Why Stavanger Municipality trusted their critical data to colocation and why they think all municipalities should do the same
A few years ago, Stavanger municipality decided to decommission their own on-premise data center and trust all their critical data to Green Mountain. Now they have both a 50m2 data room at the SVG1-Rennesøy mountain hall facility as well as a disaster recovery solution at RJU1-Rjukan in Telemark. The municipality is very pleased with the partnership and services.
About Stavanger Municipality
Stavanger is a city and municipality in Norway. It is the fourth largest city in Norway. The municipality is responsible for delivering reliable public services to its population of 150 000 people. These services all rely on IT systems that cover a wide range of services. For instance, patient medication, school exams, economic transactions, wages, patient signal system, public information, and door access systems.
IT is a critical factor for municipalities in delivering public services. Like many public organizations they managed their own on-premise data center to maintain control. However, in 2015 they had experienced several down-time incidents. Mainly caused by problems relating to power and cooling. Simultaneously, the building housing the data center was also due for rehabilitation. As a consequence, they had to make a choice: Build a new data center og go for colocation? Stein Ivar Rødland, IT manager in Stavanger municipality, contacted Green Mountain to explore the possibilities: “We still wanted to have the data center in proximity. Fortunately, Green Mountain is located only 30 minutes outside the city. We knew the company by a solid reputation. Nevertheless, we wanted to make sure they could deliver the quality and efficiency we wanted.”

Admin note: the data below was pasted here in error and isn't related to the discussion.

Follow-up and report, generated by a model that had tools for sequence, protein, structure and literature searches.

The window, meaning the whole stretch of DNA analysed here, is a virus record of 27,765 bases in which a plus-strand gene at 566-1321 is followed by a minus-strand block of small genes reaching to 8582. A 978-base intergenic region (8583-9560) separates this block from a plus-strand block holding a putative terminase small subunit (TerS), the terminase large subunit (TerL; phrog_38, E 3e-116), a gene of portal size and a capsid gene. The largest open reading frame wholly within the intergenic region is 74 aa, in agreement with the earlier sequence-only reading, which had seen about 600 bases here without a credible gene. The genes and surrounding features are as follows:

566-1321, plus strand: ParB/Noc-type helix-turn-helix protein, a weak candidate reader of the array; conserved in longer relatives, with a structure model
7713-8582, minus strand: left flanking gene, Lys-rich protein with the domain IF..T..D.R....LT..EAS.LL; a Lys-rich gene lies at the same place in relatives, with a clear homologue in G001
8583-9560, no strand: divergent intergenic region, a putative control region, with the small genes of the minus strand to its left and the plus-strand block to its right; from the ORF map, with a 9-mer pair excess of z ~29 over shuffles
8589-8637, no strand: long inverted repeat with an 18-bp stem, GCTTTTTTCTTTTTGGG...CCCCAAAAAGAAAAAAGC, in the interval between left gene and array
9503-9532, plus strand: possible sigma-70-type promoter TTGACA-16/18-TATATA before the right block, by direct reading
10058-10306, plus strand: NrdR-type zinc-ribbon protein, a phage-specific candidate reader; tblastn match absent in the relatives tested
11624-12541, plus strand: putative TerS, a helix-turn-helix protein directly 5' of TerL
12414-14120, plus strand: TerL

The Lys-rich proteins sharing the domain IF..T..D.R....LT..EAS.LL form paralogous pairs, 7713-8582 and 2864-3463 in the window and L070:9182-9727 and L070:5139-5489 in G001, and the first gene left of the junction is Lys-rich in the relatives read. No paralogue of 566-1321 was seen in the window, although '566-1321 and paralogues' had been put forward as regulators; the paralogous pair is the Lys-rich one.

Based on their requirements, Green Mountain recommended a 50m2 data room at the SVG1-Rennesøy mountain facility. In addition, the client requested a back-up solution. So, a smaller rack set-up at RJU1-Rjukan was selected as a Disaster Recovery solution. Thus, the municipality could “lift and shift” everything from their old data center to the new location. They have also purchased services from the “Smart hands” team on site. They perform maintenance tasks and so forth. In other words, there is little need to visit the data center physically as everything is controlled remotely.
Progress / Results
- They avoided the costs of building a new data center and have predictable operating expenses instead.
- They can now focus on their core activities. There is no worry about uptime og other infrastructure aspects of their data center.
- The municipality now has a data center with higher security, reliability, cost-efficiency, and not at least – flexibility to grow. When the municipality was consolidated with two other municipalities in 2020, there was a smooth transition to integrate them all in the same data room.
To be honest, I believe all municipalities should use a colocation provider, which is unfortunately not the case now. I do not see why an IT department should build competence on data center operations when there are plenty of other tasks to focus on. Cost-wise it is also a more favorable solution.Stein Ivar Rødland, IT manager in Stavanger municipality